The key is not to overwhelm potential customers with a shed load of images; sometimes, less is more. Only use images that show the product off to the best of your ability.

Setting up WooCommerce Shipping

Shipping in WooCommerce or at least getting set up can be a complicated process. In this example, I’m going to simplify things.

You’ll have seen that the currency on display in some of the screenshots is in £ or GBP (Great British Pounds); as the store is based in the UK, I want to set up shipping for this country.

Accessing shipping settings is simple; in your WooCommerce menu, click on Settings, and you’ll see the below options:

Setting up a Shipping Zone in Woocommerce

Next, you’ll need to click on the Add shipping zone button; once you’ve done that, you’ll see the following:

As you can see from the above, I’ve given the Zone name, UK Shipping. Zone regions, from the dropdown menu, I’ve selected the United Kingdom.

You’ll notice right under the Zone regions section, a link called Limited too specific ZIP/postcodes, here; you can add a list of postcodes/zip codes you’d like to limit this zone region for.

Adding a Shipping Method in Woocommerce

Clicking on the Add shipping method button, a modal will appear for you to set a specific method:

The options are:

  • Flat Rate, set a specific amount to charge for shipping.
  • Free Shipping, useful if you’ve already built shipping into your cost price and more attractive to customers.
  • Local pickup, if you have a warehouse or business premises, you can add this as an option.

For now, I want to get up and running as quickly as possible, so I’ve gone for Flat rate shipping.

Once you’ve added Flat rate as an option, you’ll see the below added to your Shipping zones screen:

To associate a cost with this method, you’ll need to edit it. Click Flat rate, and you’ll see a prompt to add a price:

Here you can change the method’s title, choose whether it’s taxable and finally add a cost.

Woocommerce Payment Methods

Our store wouldn’t be a store without the ability to accept payments. To enable payments and view the available options, you’ll need to head towards Settings and click on the Payments tab:

Out of the box, WooCommerce supports four different payment methods: Direct bank transfer, Check payments, Cash on delivery and Paypal Standard.

Direct Bank Transfer

This method allows customers to make a payment directly to your bank account:

All you need to do here is give the method a Title, Description, Instructions, and, more importantly, Account details.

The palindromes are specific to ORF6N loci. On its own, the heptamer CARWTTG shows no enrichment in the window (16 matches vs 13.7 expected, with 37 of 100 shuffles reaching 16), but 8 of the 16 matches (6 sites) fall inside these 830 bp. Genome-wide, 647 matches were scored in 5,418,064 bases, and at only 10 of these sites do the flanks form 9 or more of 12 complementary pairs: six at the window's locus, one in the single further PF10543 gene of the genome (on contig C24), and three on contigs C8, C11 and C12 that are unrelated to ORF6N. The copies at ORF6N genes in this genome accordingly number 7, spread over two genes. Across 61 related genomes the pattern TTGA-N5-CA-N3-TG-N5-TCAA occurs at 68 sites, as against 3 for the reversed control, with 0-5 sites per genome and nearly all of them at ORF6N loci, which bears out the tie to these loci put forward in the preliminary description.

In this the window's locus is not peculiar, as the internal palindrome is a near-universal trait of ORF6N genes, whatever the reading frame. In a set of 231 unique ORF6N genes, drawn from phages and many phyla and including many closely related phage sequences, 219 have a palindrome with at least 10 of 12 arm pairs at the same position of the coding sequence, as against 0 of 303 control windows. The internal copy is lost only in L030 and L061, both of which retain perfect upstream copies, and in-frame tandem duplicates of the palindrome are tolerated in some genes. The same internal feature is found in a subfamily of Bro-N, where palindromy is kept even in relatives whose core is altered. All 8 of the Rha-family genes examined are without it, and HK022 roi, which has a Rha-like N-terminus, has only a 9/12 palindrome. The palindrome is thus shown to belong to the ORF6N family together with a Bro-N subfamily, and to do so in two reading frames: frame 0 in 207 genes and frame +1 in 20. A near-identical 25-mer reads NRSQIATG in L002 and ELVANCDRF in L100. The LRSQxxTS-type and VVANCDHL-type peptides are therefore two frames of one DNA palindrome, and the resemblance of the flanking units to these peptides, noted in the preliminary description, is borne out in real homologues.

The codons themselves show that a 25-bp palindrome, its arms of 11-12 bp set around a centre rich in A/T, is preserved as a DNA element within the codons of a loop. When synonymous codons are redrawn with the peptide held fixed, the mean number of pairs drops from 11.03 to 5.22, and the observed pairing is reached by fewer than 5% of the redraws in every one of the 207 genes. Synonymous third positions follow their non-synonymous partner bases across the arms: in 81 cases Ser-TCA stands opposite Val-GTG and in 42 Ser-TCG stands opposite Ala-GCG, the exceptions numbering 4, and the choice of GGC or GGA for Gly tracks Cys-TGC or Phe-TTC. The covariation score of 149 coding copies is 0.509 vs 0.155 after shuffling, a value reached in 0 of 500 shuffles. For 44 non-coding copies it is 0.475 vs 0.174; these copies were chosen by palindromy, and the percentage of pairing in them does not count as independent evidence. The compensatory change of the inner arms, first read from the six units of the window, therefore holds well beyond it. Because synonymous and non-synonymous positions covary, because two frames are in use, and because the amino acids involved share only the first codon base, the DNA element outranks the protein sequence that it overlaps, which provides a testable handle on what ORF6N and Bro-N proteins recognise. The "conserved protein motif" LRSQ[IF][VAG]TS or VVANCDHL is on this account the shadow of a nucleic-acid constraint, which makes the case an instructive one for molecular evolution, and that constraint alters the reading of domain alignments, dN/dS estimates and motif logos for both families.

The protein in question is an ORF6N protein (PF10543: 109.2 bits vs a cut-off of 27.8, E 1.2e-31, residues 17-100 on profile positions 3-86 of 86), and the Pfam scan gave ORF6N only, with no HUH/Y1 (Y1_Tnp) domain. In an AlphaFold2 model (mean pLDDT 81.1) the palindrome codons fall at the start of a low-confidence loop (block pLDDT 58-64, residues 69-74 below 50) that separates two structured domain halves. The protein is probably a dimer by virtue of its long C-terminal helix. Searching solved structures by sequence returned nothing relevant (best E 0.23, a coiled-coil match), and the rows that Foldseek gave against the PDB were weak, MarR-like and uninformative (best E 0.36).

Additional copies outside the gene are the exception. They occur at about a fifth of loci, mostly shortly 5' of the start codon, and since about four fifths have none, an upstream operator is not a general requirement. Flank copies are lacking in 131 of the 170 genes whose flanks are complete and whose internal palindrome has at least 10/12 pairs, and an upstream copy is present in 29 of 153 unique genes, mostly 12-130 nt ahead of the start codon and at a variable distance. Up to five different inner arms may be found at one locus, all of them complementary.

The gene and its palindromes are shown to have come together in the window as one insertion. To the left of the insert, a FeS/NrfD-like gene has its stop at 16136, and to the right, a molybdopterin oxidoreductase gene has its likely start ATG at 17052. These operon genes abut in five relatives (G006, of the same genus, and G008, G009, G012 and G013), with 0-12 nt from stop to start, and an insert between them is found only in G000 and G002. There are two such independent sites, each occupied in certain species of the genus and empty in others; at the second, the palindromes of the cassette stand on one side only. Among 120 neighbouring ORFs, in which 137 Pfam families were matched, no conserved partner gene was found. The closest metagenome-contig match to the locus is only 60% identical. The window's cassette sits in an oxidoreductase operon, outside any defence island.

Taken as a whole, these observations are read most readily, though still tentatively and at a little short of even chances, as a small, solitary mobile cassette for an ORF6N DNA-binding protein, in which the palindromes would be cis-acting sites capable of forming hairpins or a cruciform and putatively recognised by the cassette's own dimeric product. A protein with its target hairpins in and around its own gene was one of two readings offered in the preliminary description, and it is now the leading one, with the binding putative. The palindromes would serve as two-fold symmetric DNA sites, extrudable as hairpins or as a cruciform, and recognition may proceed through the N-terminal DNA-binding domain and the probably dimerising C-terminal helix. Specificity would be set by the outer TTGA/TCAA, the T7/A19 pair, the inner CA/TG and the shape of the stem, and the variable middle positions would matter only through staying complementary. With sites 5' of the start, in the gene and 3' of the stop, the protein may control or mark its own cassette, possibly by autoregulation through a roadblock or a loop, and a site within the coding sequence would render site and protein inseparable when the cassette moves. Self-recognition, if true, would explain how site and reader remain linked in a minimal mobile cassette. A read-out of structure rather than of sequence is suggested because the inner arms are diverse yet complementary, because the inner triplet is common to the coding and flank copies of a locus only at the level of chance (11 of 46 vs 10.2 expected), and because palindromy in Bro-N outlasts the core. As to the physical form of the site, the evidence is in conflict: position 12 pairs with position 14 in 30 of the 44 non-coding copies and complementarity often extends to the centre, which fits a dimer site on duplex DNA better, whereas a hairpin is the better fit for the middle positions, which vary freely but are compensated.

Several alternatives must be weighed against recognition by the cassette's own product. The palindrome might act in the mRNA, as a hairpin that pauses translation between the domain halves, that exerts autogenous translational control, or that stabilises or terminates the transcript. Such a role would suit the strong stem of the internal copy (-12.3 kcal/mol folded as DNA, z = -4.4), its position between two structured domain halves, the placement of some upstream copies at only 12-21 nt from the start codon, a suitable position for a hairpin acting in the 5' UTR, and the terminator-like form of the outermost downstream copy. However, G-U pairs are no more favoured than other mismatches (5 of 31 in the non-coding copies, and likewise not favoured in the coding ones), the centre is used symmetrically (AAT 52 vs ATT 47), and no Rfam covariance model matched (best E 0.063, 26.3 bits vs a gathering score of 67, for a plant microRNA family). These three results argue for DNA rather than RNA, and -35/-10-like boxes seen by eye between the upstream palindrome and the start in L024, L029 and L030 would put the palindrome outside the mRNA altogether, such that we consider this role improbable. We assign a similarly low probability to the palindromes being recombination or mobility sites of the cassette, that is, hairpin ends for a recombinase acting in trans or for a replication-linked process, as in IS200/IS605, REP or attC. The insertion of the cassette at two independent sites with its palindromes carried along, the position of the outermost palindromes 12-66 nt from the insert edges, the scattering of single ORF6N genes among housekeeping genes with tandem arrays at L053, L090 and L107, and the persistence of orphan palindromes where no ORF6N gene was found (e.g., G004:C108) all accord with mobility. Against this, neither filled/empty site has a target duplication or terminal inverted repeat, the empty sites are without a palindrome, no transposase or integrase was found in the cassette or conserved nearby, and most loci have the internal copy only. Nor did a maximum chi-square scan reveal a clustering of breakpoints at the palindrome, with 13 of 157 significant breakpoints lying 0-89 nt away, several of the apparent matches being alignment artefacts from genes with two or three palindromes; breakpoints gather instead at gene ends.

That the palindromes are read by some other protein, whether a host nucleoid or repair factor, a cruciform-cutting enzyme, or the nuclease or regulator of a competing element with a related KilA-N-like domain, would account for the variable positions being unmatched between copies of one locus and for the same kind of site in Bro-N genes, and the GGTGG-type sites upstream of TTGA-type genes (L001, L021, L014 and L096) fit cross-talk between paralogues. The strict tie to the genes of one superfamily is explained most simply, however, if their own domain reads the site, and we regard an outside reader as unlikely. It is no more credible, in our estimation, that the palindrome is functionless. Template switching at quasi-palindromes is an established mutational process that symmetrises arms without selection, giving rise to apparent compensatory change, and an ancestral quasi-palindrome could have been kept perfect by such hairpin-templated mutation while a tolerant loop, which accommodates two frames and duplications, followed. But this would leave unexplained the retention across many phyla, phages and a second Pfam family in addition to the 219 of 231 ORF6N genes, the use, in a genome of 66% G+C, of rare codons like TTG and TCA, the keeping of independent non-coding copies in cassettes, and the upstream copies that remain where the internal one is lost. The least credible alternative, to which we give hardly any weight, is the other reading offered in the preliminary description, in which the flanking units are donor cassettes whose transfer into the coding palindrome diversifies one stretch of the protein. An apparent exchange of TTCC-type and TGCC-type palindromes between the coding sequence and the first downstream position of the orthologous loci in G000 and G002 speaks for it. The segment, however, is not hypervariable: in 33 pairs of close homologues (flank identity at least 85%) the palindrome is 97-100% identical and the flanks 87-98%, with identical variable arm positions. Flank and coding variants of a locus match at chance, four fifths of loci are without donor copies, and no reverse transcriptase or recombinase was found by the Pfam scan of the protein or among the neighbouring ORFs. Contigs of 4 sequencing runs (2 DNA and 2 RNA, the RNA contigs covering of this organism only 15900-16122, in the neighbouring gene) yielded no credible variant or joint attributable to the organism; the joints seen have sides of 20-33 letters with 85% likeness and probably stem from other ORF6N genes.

Check Payments

Some businesses (believe it or not) still use check payments, and if that’s your business, then it’s good to know WooCommerce has this option.

Here you can add a Title to this specific method, add a Description to clarify what you need from a customer. Lastly, Instructions this is displayed on the order confirmation page and in customer emails.

Cash On Delivery

Cash on delivery only applies to those with a brick and mortar store/warehouse or perhaps a pickup point.

Setting this method up is very similar to the other two methods already mentioned, with two new additions.

Enable for shipping methods; here, you can enable cash on delivery for specific shipping methods, take, for example, Local pickup as an option.

Accept for virtual orders; if you’d like to accept cash on delivery for virtual orders/services, you can enable it here.

PayPal Standard

There’s quite a lot to go through here, and we will cover this more in-depth in another article as it’s an article in itself!

PayPal isn’t the only option for online payment gateways. WooCommerce has over a hundred different extensions for dealing with payments.

Wrapping it Up

Hopefully, this guide will have armed you with enough information on whether WooCommerce is right for you, and hopefully, you’ll have picked up some tips along the way.

Remember, there’s a whole lot more to setting up a WooCommerce store; I’ve not even covered taxes, weight-based shipping; there’s so much more to go through.

Don’t worry; we’ll be covering more WooCommerce tutorials, offering tips and advice along the way.

Till next time.